Navigating Grief: Healthy Goals to Help Neurodivergent Individuals to Heal

By Guest Blogger Justin Black

Both neurodivergent and neurotypical individuals may experience a wide range of emotions while grieving the loss of a loved one, from anger and restlessness to trouble eating, drinking, and concentrating. Grief can also affect one’s self-esteem and independence, leading to feelings of hopelessness and helplessness.

While five stages of grief are commonly observed among neurotypical individuals, those who are Autistic won’t necessarily cycle through these stages in the same way or at all after the death of a friend, family member, or other loved one. The stages are outlined thus: denial, anger, bargaining, depression, and acceptance.

Individuals with autism spectrum disorder (ASD) often struggle to express their grief in an expected way, or their grief may be delayed. The overwhelm they experience while grieving may also cause them to behave aggressively or display feelings of excitement. They may have trouble understanding death or navigating social situations such as funeral services.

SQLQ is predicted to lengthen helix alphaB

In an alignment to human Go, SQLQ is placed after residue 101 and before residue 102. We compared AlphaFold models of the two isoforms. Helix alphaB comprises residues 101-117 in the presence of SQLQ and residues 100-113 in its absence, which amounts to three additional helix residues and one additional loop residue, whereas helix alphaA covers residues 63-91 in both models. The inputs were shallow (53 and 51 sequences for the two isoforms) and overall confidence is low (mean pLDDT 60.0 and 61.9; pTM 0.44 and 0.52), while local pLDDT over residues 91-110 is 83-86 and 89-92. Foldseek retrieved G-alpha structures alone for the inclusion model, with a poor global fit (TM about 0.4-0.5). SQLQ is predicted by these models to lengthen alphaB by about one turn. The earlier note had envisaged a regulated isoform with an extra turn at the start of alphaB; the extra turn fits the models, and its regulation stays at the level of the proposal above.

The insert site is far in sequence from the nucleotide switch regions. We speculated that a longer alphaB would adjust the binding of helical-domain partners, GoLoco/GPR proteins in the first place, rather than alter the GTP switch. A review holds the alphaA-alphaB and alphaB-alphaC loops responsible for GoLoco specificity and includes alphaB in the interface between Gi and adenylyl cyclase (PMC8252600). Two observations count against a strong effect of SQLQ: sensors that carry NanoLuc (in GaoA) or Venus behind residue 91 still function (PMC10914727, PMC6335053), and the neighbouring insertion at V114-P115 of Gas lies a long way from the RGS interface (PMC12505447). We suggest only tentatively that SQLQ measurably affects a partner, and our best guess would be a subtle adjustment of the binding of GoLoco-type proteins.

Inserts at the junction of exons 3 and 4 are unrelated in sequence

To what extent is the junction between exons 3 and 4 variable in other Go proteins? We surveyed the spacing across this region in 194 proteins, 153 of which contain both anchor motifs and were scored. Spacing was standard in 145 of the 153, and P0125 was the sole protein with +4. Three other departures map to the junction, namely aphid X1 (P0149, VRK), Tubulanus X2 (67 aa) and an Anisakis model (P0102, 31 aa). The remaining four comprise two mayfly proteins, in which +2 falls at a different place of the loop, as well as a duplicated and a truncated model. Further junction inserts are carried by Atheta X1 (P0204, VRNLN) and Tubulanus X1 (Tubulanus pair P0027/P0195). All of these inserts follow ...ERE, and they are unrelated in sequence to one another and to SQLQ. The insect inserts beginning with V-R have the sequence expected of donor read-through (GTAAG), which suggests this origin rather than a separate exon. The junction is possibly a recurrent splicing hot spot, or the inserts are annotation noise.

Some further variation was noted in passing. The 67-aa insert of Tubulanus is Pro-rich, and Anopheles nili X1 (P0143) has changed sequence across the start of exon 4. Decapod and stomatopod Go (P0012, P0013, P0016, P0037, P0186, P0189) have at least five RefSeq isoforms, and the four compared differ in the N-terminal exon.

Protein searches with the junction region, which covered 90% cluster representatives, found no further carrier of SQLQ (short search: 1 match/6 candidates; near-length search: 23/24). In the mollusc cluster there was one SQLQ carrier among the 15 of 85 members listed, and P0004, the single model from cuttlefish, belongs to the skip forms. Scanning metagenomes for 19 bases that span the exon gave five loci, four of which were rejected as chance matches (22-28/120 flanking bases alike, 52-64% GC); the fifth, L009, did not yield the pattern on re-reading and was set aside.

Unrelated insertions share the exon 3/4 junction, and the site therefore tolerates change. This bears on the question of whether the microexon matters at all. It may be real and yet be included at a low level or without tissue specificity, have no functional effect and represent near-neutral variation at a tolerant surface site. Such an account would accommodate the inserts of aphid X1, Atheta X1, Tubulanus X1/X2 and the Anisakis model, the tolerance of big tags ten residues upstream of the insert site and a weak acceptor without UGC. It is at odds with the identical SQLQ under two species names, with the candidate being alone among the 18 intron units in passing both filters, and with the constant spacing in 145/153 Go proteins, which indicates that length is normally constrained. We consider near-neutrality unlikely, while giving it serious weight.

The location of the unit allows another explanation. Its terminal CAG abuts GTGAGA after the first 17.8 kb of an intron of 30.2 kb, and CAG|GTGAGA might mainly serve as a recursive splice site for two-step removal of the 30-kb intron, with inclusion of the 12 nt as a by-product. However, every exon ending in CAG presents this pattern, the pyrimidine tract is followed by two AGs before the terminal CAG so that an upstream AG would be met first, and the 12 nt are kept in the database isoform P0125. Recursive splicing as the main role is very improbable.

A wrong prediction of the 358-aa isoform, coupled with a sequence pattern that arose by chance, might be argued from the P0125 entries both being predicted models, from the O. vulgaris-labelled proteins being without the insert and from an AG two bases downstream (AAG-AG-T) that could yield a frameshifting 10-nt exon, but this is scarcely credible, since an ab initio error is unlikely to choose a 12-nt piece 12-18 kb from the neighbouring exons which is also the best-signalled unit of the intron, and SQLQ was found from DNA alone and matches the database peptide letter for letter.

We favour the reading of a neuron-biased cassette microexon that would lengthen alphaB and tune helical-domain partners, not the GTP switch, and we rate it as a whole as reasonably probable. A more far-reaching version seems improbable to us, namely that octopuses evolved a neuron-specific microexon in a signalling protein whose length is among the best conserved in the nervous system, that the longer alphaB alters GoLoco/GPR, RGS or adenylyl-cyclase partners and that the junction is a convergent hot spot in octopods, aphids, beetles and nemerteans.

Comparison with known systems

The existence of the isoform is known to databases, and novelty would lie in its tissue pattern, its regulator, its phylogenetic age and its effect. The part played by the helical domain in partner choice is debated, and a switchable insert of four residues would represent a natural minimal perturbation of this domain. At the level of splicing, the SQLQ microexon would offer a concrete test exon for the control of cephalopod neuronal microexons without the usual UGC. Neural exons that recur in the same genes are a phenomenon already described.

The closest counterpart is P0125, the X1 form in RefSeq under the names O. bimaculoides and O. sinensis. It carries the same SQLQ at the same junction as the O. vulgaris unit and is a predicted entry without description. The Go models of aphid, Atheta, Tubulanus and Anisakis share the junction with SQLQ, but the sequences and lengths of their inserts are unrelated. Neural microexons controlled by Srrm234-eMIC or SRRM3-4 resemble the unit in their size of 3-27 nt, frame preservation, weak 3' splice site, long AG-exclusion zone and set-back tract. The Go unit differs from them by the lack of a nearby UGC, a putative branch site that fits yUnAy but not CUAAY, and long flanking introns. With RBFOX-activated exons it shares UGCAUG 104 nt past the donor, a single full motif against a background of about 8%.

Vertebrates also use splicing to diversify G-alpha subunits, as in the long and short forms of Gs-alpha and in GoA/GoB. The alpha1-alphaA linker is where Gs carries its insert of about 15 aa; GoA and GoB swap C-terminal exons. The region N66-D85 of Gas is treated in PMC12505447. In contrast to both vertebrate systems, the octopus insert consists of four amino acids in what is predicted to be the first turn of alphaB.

Bereavement may affect neurodivergent individuals differently than neurotypical people, but it’s just as important for those with ASD to talk about their grief and express themselves as best as possible. Here are several healthy goals for neurodivergent individuals to work toward while grieving the death of a loved one, from seeking talk therapy to familiarizing themselves with the different services and events that commonly take place after someone dies.